3. Use influencers to make things better. Acknowledge that true leaders are not necessarily those in charge. Identify the natural leaders and let them use their influence to help others better support and accept the change. Hopefully this will trickle out to their teams and, ultimately, throughout the business.
  4. Show patience. Yes, patience is a virtue. You need to ensure all aspects of your culture are rooted in your people and accept that refining this requires great effort and time, and that it will never be perfect. Identify what you can do today, don’t take on more than you can handle, and work forward in small chunks to implement change and improve your culture.
Break down traditional barriers and silos

Development, operations, and security teams often operate within their own distinct bubbles, only interacting and communicating during hand-offs or when there are problems with a product. You have got to challenge the way these teams work together and how they work with the whole business. By forging clear feedback loops, you can craft better, more informed decisions quicker and at lower levels. You need to assemble cross-functional teams made up of exceptional and influential people from all areas to serve as evangelists of this change, imbued with the power to make decisions and take action. Designated security advocates are great conduits for this role and embedding them into cross-functional Agile teams is a good way to break through these respective bubbles and employ shift-left principles. Ideally, these advocates are actively involved in the software delivery pipeline to ensure security concerns are addressed as early as possible in the development life cycle. They can also assist in the triage of security bugs or vulnerabilities and help foster a “security mindset” by highlighting the importance of security across all areas of the business.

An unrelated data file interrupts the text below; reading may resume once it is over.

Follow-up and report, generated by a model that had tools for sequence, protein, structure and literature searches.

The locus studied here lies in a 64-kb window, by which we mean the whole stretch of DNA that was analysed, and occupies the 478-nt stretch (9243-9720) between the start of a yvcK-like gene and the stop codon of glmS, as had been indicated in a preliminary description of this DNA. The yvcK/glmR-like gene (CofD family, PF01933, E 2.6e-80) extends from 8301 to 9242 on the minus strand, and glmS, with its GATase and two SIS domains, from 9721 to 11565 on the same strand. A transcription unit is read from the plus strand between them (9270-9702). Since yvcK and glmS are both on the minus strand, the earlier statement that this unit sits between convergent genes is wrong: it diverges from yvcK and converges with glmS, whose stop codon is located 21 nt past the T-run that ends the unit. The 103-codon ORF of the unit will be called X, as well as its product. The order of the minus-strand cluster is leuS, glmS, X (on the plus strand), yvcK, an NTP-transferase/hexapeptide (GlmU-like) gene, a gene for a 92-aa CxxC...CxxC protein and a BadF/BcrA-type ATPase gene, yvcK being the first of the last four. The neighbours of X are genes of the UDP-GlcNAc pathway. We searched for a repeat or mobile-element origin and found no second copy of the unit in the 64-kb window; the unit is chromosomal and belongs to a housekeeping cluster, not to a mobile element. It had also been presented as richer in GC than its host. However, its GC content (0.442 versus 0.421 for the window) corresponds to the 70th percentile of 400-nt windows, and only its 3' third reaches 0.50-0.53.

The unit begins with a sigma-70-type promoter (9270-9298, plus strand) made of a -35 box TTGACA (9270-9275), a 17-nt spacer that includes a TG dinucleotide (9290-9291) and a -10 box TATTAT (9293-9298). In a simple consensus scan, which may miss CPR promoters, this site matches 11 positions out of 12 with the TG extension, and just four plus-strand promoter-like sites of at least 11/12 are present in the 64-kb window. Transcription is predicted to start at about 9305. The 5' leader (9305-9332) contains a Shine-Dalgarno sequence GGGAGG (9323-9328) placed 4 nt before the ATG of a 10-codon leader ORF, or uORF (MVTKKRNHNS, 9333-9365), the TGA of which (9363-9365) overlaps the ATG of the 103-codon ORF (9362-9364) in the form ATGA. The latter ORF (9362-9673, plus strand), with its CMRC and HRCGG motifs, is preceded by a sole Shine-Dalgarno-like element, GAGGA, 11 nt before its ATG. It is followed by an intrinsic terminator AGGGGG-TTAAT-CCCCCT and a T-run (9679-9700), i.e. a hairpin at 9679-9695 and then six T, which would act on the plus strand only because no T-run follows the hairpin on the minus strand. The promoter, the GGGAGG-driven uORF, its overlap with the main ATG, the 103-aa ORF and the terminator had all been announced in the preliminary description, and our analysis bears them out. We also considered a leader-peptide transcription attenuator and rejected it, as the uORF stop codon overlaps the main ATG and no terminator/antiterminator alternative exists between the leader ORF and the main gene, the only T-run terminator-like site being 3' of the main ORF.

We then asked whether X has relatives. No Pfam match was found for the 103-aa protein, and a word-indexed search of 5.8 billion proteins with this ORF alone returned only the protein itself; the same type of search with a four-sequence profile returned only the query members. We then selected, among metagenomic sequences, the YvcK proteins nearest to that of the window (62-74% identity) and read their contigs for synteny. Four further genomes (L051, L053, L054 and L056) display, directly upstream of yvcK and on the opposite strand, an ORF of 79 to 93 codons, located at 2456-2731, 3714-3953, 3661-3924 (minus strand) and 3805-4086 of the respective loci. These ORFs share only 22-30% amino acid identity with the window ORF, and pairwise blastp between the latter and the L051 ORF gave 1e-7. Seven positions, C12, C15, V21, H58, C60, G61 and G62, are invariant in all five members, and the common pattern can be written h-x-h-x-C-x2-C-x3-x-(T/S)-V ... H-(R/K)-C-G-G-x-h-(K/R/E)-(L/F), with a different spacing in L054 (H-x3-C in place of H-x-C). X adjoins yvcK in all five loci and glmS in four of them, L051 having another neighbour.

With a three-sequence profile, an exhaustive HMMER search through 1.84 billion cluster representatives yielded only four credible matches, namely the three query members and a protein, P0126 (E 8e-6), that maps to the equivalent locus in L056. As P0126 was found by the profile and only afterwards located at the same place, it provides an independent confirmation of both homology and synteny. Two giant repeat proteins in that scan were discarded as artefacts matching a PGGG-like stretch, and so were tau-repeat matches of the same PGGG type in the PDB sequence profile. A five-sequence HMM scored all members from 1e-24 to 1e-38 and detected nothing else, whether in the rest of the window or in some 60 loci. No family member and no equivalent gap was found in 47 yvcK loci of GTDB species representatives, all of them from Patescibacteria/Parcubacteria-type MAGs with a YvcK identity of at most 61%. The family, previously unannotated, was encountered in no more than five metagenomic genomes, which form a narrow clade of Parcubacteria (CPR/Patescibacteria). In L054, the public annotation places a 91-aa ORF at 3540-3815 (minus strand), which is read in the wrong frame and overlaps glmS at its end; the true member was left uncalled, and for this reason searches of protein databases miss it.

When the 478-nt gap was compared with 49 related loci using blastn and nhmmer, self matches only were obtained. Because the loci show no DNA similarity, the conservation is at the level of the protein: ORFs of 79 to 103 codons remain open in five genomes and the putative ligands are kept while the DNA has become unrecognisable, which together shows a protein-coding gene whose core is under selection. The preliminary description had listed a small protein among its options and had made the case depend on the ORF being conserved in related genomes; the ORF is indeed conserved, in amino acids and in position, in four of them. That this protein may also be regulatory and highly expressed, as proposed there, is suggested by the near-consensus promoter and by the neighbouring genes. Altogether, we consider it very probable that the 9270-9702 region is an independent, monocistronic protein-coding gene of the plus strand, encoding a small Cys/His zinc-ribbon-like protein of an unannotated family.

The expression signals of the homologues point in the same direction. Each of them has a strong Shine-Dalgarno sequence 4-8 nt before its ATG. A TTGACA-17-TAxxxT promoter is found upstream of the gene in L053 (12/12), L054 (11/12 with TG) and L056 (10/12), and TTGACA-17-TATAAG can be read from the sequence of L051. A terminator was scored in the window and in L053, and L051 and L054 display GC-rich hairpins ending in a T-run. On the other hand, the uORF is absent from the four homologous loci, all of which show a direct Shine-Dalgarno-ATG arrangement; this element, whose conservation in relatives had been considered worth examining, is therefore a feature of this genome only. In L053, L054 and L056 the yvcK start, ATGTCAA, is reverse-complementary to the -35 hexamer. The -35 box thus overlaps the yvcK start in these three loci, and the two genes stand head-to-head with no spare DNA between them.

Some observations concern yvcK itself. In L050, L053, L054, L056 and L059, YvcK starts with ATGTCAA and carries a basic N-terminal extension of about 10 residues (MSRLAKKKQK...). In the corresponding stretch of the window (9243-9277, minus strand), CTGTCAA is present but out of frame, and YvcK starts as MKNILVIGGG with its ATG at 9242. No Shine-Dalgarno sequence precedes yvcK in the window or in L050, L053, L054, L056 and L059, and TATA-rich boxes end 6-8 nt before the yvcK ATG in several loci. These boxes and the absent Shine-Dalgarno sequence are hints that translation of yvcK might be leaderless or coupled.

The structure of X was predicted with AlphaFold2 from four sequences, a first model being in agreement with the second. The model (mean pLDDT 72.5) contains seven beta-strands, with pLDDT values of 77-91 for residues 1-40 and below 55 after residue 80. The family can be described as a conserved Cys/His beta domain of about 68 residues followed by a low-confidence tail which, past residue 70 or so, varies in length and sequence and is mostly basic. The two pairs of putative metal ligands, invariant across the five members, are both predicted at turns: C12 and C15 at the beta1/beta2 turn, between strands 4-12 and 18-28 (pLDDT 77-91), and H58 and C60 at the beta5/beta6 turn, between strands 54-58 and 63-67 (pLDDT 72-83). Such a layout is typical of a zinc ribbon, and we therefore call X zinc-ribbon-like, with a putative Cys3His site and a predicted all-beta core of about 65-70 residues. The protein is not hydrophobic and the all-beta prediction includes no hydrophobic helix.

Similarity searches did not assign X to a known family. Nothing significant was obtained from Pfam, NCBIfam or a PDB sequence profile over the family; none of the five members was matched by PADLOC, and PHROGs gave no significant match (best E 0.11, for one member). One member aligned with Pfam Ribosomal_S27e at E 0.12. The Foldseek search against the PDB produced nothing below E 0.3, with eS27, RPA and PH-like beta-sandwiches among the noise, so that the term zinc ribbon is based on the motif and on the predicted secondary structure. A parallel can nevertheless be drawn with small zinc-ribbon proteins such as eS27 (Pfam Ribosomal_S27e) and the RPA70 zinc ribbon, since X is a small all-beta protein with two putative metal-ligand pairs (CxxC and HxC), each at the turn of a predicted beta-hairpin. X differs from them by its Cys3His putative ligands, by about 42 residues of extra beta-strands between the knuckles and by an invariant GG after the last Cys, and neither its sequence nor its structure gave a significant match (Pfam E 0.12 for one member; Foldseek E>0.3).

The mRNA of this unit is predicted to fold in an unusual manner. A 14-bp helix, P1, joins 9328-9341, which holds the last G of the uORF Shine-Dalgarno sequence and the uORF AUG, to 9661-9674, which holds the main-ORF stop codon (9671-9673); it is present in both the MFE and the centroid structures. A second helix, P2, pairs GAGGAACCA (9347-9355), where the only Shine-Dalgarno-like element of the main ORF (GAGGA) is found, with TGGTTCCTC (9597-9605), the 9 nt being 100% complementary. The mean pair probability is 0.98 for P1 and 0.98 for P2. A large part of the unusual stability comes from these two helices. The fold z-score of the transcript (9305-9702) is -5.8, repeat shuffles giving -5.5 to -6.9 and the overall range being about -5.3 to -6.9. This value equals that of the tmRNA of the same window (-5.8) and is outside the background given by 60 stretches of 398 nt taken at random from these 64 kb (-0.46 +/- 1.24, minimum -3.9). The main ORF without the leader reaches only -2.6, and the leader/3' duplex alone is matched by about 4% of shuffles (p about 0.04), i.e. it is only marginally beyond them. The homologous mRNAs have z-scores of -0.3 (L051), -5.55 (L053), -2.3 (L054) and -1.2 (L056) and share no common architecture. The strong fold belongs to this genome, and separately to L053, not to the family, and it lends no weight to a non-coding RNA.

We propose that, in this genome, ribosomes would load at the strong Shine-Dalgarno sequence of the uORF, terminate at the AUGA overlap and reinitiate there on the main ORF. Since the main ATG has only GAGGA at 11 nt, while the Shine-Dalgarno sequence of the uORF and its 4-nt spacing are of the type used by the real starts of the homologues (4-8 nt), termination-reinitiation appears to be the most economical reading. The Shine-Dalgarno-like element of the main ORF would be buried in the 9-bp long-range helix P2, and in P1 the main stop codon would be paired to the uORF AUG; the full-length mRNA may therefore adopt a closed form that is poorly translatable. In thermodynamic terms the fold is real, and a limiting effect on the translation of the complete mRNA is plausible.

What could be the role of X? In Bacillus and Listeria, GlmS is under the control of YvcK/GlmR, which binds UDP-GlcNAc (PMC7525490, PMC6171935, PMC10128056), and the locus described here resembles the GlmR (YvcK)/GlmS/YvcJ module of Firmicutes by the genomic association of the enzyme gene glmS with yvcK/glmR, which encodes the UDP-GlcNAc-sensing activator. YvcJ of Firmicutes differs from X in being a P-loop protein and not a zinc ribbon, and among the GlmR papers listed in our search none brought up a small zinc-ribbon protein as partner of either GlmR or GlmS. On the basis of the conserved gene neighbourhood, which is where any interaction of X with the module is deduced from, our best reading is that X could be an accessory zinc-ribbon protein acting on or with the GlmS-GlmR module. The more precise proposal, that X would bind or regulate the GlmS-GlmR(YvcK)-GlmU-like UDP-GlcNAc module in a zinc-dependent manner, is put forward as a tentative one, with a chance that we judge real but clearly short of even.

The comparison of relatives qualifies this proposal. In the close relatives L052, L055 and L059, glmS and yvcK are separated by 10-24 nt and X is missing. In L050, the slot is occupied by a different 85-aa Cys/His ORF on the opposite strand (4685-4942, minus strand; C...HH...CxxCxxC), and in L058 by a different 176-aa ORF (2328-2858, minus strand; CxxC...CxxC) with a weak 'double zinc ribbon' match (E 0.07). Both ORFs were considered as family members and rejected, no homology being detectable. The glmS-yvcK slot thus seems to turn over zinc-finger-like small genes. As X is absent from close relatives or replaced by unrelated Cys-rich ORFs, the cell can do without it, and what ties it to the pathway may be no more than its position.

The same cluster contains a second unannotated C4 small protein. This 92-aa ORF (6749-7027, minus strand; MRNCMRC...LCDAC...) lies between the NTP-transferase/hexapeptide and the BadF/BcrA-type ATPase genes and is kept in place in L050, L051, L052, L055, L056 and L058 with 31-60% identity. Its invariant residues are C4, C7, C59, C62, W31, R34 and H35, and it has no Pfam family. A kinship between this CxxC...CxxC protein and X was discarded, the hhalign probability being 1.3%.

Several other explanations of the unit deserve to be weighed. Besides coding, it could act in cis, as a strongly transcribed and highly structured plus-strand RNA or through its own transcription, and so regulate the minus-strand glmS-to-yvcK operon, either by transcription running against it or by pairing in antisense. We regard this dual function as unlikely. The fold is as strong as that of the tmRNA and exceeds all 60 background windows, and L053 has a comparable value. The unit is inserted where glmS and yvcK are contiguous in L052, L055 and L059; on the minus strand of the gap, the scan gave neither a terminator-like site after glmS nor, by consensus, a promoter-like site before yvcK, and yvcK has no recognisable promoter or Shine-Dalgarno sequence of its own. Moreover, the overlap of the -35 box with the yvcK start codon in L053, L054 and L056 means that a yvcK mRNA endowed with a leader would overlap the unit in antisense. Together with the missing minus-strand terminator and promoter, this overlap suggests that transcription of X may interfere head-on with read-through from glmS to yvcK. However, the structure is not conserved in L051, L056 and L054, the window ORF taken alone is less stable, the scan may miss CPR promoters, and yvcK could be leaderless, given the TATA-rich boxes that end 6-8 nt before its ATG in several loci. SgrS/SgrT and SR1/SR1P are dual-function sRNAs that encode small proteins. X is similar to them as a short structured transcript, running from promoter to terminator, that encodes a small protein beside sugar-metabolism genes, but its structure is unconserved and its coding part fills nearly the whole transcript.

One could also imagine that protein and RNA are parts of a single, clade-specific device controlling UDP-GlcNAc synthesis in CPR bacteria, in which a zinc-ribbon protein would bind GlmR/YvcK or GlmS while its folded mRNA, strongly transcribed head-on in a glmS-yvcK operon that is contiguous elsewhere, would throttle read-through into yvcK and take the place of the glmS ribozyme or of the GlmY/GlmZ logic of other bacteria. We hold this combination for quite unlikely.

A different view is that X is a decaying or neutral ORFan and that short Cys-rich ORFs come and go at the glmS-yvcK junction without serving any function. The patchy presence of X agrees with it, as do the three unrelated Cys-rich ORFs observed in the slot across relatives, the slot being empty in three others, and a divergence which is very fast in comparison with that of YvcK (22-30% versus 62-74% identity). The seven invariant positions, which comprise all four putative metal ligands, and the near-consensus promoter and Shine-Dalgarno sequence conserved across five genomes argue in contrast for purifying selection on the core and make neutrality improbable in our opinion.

Invest in training and professional growth

Bill Gates once said, “The moment you stop learning is also the one in which you will stop leading.” A stagnant leadership will nearly always beget a stagnant workforce. Technology transformation, including DevSecOps, begs for a strong head of the house, and requires that you train not only your change agents, but your executives, managers, and leaders as well. This ensures that the vision is set and properly disseminated throughout the organization, the appropriate actions are taken to drive the change, and the path for implementing the change is clearly communicated to the people in the organization. Additionally, your training strategy must be grounded in your business goals, policies, and standards for software development, operations, and security. Learning methods and channels must be elastic and adaptable. It is imperative that existing staff and new hires get the appropriate training and tools they need to do their jobs. Doing so will foster good development, operations, and security staff. Nurturing this kind of environment will allow the delivery of greater innovation, repeatable processes, higher quality, and more rapid release of secure software.